Massachusetts Knocks Down Interest on Overdue Child Support by 50%

F&F Member, John Natale
Fathers and Families Member John Natale Testifies at Hearing on Reducing Interest on Overdue Child Support

The Massachusetts Department of Revenue has decided to knock down the interest on overdue child support by 50%. This is a move for which Fathers and Families has long advocated and agitated, both publicly and by Board Chairman Ned Holstein, MD, MS during his service on the Massachusetts Child Support Task Force. While interest rates still remain too high, we commend the DOR for this action.

Fathers and Families has long fought to reform Massachusetts child support, and was successful in lowering noncustodial parents’ child support by an estimated $200 million a year from 2001 to 2007. Holstein and numerous Fathers and Families members testified earlier this year at the DOR hearing considering the issue. Our testimony focused on the benefits lowered interest rates would produce both for people struggling to pay their child support and for the state. Holstein stated:

Interest and penalty charges often work against the interests of states and their citizens. According to a 2007 study by the Urban Institute, eighteen states routinely charge interest, eighteen states and Guam intermittently charge interest, and fourteen states, Puerto Rico, the Virgin Islands and the District of Columbia do not charge interest at all. Massachusetts, like other states, does face significant challenges in collecting interest and penalties. States that routinely charge interest have experienced a much larger increase in arrears than other states.

The Urban Institute study found that from 1987 to 2006, states that charged interest saw a tenfold increase in arrears, going from $5.4 billion in 1987 to $58.7 billion in 2006. Other states saw arrears grow about half as fast. States with no interest saw their arrears grow from $2.8 billion in 1987 to $19.5 billion in 2006.

This data is supported by an earlier study conducted by the Urban Institute in 1999 for California. The Institute compared California with New York because of New York”s large area and large population. The one big difference between California and New York was that New York did not routinely assess interest on child support arrears. In 1992, New York and California”s child support arrears were close – New York”s arrears were $1.8 billion while California”s were $2.5 billion. Nine years later, New York”s child support arrears had only increased to $3.2 billion, while California”s grew to a whopping $17 billion.

Penalties are also wrong for Massachusetts. Penalties on child support arrearages are inappropriate and hurt families. The problem of unpaid arrearages is primarily a problem of poverty. The Institute also found that 70% of all arrearages are owed by obligors who earn less than $10,000, and 96% are owed by obligors who earn less than $40,000. Other factors contributing to arrearages are loss of job, decreased earnings, illness and disability, the difficulty in obtaining modifications when misfortune strikes, pervasive errors by the Office of Child Support Enforcement (as documented in 2000 by the Massachusetts Auditor), incarceration, misidentification of the father, lack of notice of paternity, and unrealistically high support orders.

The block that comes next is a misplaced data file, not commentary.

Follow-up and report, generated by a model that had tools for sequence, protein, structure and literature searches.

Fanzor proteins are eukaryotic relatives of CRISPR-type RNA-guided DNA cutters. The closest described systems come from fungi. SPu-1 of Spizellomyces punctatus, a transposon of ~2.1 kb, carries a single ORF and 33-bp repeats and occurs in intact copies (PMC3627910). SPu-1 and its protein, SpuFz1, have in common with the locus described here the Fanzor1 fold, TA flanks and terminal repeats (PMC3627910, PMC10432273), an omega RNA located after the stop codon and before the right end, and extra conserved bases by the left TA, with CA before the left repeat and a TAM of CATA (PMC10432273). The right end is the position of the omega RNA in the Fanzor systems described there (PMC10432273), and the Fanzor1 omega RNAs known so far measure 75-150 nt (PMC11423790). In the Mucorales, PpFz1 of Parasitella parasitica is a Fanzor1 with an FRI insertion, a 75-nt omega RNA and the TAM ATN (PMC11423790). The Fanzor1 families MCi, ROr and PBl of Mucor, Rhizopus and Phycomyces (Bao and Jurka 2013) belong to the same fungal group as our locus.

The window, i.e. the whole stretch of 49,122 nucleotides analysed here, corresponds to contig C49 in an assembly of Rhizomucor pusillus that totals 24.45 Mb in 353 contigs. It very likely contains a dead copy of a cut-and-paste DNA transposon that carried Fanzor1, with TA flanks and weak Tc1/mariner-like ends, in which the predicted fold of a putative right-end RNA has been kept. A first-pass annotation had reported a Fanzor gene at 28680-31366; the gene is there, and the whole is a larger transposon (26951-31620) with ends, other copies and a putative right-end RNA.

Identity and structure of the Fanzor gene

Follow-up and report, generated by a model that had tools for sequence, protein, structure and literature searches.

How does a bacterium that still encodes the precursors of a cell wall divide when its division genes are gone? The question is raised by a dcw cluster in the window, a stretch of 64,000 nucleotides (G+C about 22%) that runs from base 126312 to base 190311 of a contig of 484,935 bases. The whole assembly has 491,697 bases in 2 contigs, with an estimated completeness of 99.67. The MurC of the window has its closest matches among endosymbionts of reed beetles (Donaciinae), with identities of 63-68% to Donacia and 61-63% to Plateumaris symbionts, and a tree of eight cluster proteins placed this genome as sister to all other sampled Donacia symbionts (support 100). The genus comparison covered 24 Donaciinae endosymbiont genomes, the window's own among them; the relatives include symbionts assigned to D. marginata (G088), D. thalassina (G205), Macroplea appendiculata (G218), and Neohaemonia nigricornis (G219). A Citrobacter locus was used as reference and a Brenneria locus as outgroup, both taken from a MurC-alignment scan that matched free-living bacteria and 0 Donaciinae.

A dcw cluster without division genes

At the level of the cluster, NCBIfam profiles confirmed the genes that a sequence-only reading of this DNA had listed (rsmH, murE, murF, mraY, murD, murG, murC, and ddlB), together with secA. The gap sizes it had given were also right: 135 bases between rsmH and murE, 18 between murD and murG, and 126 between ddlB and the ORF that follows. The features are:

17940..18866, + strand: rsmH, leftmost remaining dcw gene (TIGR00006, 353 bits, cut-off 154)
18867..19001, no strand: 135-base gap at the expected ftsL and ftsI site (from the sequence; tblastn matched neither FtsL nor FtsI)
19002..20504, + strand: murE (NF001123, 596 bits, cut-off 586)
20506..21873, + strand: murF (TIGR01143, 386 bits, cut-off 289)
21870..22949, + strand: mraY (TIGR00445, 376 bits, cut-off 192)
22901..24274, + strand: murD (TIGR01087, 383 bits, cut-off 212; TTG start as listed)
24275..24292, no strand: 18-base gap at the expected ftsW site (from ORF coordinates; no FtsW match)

None of these circumstances is helped by charging either interest or penalties. Neither does stronger enforcement of child support requirements work under such circumstances. Instead, as indigent fathers accumulate child support debts, they feel as if they must evade the child support system and the risk of incarceration. They are driven underground by an unforgiving system. The custodial parents and the Commonwealth then experience the complete termination of payments.

Worst of all, when fathers go underground, their children also lose contact with them. Thus, they lose the most valuable thing the indigent father has to offer his children — his love and guidance, not his money, of which he has very little. Massachusetts needs to find another way to support its indigent children than to pretend that indigent fathers have money that they do not have, and then compounding the problem with interest and penalties.

Every day, we at Fathers & Families hear from non-custodial parents who love their children, but who have recently lost their jobs or experienced a medical emergency that has left them with thousands in unpaid medical bills. They want to keep their obligations to their children, but they find the interest charges and penalties on court-ordered child support to be insurmountable obstacles to doing so.

To read Holstein’s full testimony, click here.

Several Fathers and Families members testified at the DOR hearing.  John Natale (pictured) wondered how the interest rate came to be 18% in the first place when he is refinancing his mortgage for 4.65%.  The DOR also heard from Sarah Blackford – a mother who depends on child support, but still thinks these interest rates are far too high.  She told the story of her friend who is constantly struggling to pay his child support, but is stuck in a $40,000 black hole of interest and penalties that he may never be able to dig himself out of.

Chris Jenson stated simply and clearly why the current interest rate is outrageous.  He told the story of falling behind on child support by $375 and reported that he has now paid the $375, but he still owes $1,240 in interest and penalties – almost three times as much as the amount originally owed.  F & F members Bill Zamzow, Hector Montalvo, Philip Alvarado, and Franco Marzouki also testified to the importance of lowering the interest rate.

Leave a Reply

Your email address will not be published. Required fields are marked *